At just four million, the population of New Zealand is much smaller than Australia (25 million), so logically you’d think the market for second-hand boats would be smaller. Bill Garlick, who owns a well-known brokerage in Opua (Bay of Islands), explains why that’s not necessarily the case:
“New Zealand is the southernmost major land mass in the South Pacific and is a nation obsessed with recreational and competitive sailing. It’s also high on the ‘bucket list’ of countries to visit so, not surprisingly, increasing numbers of cruisers who don’t want to cross the Indian Ocean or back track across the Pacific are saying au revoir to their yachts here, often exploring New Zealand by road before flying home.”
He adds: “Prices in New Zealand for well maintained and equipped offshore capable yachts are favourable for several reasons. New yachts arriving in New Zealand on transporters are priced to include freight, duty at 5% and GST (VAT) at 15%. A new yacht with an ex-factory price of NZ$450,000 could attract close to NZ$150,000 of additional costs. Owners who sail into New Zealand can expect to bank some of the delivery costs.”
Garlick says that good yachts can often attract buyers from outside New Zealand too. “It is our experience that the market for bluewater-equipped and capable yachts is international, and buyers’ preferences are much the same as they are anywhere in the world. Buyers are generally happy to travel to New Zealand to view a yacht.
“Well-known brands such as Amel, Beneteau, Catana, Hallberg-Rassy, Jeanneau, Leopard, Lagoon, Privilege, to name a few, are popular among ‘first-time liveaboards’.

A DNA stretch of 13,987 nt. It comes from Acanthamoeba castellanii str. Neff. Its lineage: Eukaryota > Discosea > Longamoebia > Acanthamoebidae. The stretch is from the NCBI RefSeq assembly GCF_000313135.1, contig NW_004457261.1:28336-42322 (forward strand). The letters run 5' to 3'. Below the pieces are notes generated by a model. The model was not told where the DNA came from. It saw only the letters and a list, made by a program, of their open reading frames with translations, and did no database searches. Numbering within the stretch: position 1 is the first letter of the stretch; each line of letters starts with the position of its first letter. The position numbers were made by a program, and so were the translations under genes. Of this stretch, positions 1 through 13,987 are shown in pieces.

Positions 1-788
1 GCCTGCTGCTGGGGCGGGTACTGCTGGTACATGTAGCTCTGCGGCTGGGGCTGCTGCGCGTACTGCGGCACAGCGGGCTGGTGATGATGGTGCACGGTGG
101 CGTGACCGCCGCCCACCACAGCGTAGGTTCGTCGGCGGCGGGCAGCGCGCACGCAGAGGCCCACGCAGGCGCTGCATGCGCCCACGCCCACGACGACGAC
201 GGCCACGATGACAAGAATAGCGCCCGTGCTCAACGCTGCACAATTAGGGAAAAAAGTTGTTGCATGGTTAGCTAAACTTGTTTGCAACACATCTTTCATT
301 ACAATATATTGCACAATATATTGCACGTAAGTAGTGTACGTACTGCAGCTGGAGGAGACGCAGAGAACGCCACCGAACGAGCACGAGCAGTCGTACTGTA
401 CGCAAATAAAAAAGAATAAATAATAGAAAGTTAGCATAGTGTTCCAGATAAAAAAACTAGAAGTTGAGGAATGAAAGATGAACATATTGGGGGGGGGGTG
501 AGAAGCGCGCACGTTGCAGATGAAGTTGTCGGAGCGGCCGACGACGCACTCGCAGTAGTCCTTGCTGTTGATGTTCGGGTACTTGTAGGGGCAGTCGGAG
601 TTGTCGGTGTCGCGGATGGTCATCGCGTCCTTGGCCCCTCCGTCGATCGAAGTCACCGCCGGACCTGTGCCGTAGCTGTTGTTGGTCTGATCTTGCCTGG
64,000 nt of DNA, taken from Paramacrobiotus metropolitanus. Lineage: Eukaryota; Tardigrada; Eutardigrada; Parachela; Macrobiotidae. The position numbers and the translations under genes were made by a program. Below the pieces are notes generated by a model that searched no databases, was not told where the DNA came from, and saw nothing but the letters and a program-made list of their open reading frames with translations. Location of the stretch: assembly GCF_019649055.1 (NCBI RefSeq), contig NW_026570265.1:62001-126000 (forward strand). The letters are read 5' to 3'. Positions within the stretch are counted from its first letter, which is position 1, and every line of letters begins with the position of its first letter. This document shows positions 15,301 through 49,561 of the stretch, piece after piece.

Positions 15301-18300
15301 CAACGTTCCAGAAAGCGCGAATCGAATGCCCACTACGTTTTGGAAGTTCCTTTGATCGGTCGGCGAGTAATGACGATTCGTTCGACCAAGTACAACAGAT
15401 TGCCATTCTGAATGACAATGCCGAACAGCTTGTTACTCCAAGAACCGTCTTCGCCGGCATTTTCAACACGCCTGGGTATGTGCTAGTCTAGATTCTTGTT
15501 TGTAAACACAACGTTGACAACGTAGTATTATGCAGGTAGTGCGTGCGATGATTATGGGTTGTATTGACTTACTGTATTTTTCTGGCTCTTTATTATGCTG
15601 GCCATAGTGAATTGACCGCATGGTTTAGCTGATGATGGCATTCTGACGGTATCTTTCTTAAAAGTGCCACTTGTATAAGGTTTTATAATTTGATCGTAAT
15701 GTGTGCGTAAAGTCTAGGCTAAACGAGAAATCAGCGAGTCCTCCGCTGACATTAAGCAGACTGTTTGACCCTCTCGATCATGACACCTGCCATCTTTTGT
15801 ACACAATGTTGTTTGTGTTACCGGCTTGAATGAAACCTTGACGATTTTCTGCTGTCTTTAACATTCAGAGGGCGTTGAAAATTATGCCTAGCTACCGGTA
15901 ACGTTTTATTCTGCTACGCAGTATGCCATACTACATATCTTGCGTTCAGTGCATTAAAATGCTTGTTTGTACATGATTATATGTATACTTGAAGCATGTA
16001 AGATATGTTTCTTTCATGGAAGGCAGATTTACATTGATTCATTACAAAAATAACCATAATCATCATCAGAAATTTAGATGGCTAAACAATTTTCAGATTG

“Modified or customised yachts are discounted relative to an ex-factory model. Glassfibre is the preferred construction material, with less interest in aluminium, steel and wood, even though Kiwis love wooden boats.
“Very few buyers are looking for a low priced ‘project’, and neglected or poorly maintained boats are heavily discounted. Unusual features such as freedom, gaff and junk rigs along with bilge and canting/retractable keels have limited appeal.
“Time on the market is directly related to price. Typically we suggest three prices to sellers: ‘top dollar’, which means waiting for the one buyer and a lengthy sales process; a ‘mid-range’ price, with an expectation that a sale will be concluded within 12 months, and the ‘gone in 90 days price’.”
Cliff Smith, an American cruiser, went for the last category and sold his Young Sun 35 Carola almost at the quarantine dock after arriving in New Zealand. It went to a British buyer who was keen to start cruising immediately.
“In 2014 we left the United States to cruise the Pacific,” explains Smith. “Although we loved Carola, after a few years cruising we wanted something larger, faster and more comfortable. A beautiful Najad 440 was for sale in New Zealand, but they had just left Opua for the Tropics. We ended up buying the Najad there and selling Carola very quickly after that in New Zealand.